It was exciting to finally see a bobcat appear in a video this morning. We know they are around as we and neighbors have seen them, but they are not as bold as coyotes or bears. This one stood and stared at the camera the entire 30 seconds of the video, slinking away at the end. The cat's eyes are about half the size they appear here. I have no idea why they look like this in the video.



We have also seen skunks and porcupines on our farm, neither of which have yet appeared in our trail camera. And we know at least one cougar visits our neighborhood occasionally. I'm not at all sure I want to see him in the camera. If I do, I might be a bit hesitant about going back into the swamp, where the wild things are, to retrieve the camera card.

Addendum: After reading this blog entry, friend Toni sent this news release:

"The word is out! Auditions are now being held at Fink Family Farm on the new Wild Animal Trail Camera site. Although originally searching for wild nocturnal animals, the producers of this popular reality show have discovered new talent in well-known domestic animals who made surprise appearances during the auditions. Further attempts at gate crashing of this sort is, however, being strongly discouraged. Would-be stars should be advised that casting is complete for the "Three Bears" and "Bambi" episodes, as well as "The Masked Bandits", but the search is still on to find that "special someone" to fill each of the starring roles in "Stinky and Pokey, Lost in the Swamp." Another major project awaiting production, "The Big Cats," has been temporarily sidelined due to an accident on the set. Although officials would not confirm or deny it, a rumor has been circulated that one of the co-stars was so overwhelmed by the opportunity of performing with THE BIG CAT that, when he first saw him on site, his eyes literally popped out of his head. We will keep you posted on his condition, but at press time, his eyes still had that totally "gone" look."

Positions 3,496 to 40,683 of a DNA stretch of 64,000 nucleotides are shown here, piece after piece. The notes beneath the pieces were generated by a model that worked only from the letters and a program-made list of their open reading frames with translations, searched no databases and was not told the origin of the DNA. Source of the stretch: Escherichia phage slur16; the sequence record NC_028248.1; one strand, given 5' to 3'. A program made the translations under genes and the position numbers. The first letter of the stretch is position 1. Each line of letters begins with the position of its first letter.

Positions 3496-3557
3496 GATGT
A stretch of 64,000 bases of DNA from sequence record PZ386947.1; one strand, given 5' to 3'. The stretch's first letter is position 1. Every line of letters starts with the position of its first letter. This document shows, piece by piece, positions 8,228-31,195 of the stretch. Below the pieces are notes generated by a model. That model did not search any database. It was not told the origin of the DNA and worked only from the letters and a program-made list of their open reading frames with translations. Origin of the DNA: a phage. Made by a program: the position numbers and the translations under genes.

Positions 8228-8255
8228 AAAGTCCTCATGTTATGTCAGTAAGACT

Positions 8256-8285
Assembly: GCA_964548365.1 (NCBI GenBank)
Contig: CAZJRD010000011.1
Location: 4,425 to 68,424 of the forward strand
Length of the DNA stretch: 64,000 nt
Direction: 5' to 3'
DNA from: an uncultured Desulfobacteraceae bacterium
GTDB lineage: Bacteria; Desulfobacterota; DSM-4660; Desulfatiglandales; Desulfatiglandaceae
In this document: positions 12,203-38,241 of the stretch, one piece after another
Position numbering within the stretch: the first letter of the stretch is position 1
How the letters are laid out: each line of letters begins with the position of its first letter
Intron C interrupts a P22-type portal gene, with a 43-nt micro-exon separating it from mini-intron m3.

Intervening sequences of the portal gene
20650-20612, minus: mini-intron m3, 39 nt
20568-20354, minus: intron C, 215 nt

4 comments:

  1. These are so cool. It is so great that we can live in proximity with something as huge as a bear or lovely as a bobcat and rarely see it. In my 18 plus years of living in Sheridan in the woods, I saw a bobcat only once, and I was about 5 years old, walking to the outhouse in the middle of the night. I saw coyote, lots of dear, a few elk, some raccoon, possum, and only saw a porcupine one time while hiking Spirit Mountain with your gang.
    My mom saw her first bear on our property this last year, but I imagine they have been there all along. That is a really big bear----but I am glad it is out there.

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  2. I thought I already left a comment here but...anyway, I was very excited to discover your blog--it does my heart good do see these wild animals! I love the trail camera idea and what you've captured with it.

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  3. Hi, just curious as to what kind of camera you are using, as I am interested in buying one. Thanks in advance & love your photos!

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  4. Michel, ours is a Wildgame Innovations Model #IR8X, but I just bought the simplest I could find because we are technologically challenged. We have to charge up the battery frequently but maybe that's because we have it set for videos instead of stills.